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How short-term heat waves impact apex marine predators

How short-term heatwaves impact apex marine predators
GPS-tagged female elephant seal near Año Nuevo Reserve, California (permit no. NMFS #23188). Credit: Dan Costa, University of California Santa Cruz

A large team of marine scientists affiliated with a host of institutions across the U.S. has learned how some marine apex predators react to short-term heat waves. In their study, published in the journal Nature Communications, the group analyzed tag data from ocean species, including sharks and whales, to learn more about their behavior during these heat waves.

Marine heat waves are the ocean equivalent of land-based heat waves—temperatures in a part of the ocean experience warmer-than-normal temperatures for a period of time. Marine heat waves have become much more common as has led to warmer ocean temperatures in general.

In this new effort, the research team wondered if it might be possible predict what might happen to certain as become even more common. To find out, they obtained data from species that had been tagged during other research projects and compared it with known marine short-term heat waves to see if they could identify any changes in behavior. They also used the data as input to a machine learning application to broaden their findings and also to make predictions about the future behavior of 14 species of apex predators.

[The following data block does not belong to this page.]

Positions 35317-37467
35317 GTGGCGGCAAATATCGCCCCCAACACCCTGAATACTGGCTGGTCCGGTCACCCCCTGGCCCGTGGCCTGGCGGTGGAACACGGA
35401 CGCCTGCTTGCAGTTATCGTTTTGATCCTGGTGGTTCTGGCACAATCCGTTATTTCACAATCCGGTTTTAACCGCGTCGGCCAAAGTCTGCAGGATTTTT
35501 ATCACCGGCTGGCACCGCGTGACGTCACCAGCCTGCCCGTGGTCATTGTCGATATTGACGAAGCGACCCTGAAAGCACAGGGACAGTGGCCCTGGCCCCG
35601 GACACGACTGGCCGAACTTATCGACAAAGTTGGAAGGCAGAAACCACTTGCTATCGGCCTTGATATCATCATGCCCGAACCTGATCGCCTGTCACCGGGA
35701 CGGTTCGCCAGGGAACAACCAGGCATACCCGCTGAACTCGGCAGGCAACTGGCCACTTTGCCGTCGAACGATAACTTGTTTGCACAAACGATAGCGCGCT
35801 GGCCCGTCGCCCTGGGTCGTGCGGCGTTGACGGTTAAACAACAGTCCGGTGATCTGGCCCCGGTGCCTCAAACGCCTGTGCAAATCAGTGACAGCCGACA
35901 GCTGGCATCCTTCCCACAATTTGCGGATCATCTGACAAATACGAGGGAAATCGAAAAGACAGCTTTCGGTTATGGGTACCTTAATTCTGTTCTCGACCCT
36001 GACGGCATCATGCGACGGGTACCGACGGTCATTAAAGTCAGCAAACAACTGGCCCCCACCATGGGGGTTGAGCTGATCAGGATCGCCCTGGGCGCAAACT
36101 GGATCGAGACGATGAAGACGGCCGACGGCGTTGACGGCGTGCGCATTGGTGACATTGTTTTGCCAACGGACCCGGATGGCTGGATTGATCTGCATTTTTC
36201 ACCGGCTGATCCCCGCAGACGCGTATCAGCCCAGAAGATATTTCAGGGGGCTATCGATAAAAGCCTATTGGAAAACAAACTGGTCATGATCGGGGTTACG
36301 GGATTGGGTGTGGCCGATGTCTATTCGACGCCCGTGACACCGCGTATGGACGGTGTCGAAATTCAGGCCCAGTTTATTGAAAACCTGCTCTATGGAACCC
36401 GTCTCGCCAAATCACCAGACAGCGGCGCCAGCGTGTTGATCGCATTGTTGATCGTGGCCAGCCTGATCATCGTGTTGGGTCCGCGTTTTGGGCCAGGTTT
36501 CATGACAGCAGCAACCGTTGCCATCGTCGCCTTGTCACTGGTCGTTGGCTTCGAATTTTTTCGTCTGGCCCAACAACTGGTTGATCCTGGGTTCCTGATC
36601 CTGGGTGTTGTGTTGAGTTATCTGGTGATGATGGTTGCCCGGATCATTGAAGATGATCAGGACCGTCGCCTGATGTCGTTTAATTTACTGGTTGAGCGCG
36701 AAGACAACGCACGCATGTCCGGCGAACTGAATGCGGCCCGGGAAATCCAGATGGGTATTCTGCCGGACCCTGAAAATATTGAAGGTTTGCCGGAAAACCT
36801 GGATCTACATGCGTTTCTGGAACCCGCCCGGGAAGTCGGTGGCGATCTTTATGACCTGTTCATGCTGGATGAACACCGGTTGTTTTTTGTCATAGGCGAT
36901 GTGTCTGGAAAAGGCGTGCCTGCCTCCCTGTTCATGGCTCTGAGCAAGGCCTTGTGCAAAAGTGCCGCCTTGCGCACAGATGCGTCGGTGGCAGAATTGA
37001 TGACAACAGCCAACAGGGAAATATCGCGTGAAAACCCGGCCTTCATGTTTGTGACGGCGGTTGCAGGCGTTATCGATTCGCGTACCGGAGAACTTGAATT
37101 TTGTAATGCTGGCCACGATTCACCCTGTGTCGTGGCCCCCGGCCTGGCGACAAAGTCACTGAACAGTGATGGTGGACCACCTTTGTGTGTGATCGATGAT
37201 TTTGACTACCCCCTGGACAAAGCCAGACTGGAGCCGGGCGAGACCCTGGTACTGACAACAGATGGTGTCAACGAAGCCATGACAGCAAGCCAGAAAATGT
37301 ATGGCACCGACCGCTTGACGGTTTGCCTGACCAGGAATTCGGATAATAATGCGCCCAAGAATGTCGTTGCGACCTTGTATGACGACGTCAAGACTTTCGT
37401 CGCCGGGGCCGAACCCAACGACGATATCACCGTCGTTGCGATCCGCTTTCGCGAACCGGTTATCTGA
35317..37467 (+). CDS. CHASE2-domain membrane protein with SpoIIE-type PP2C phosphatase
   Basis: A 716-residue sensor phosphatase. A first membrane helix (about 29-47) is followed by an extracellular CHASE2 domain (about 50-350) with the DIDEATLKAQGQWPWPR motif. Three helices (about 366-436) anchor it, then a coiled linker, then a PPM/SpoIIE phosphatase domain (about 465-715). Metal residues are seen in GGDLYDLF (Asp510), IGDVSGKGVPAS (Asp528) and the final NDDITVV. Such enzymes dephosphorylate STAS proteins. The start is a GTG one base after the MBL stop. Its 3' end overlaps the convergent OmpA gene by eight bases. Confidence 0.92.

In addition to sharks and whales, the team also included tuna, turtles, seabirds and several types of mammals. They were able to track changes in apex marine creature behavior during heat waves that occurred in the northeast Pacific Ocean during the years 2020, 2019, 2015 and 2014.

In looking at the behavior of the sea creatures, the team found variable responses—some suffered while others prospered. Bluefin tuna and blue sharks, for example, were forced to deal with near total loss of their habitat during a 2015 heat wave. On the opposite end of the spectrum, sea lions and saw huge habitat gains during a 2019 heat wave. The researchers also found many species moved to cooler areas during heat waves—huge numbers of bluefin, albacore and , for example, moved from unusually warm waters off the coast of Mexico in 2014 to cooler waters off the coast of California.

The research team also found much of the activity they observed was highly predictable, though they caution that future heat waves could force different outcomes due to changing conditions in the world's oceans.

More information: Heather Welch et al, Impacts of marine heatwaves on top predator distributions are variable but predictable, Nature Communications (2023). DOI: 10.1038/s41467-023-40849-y

Journal information: Nature Communications

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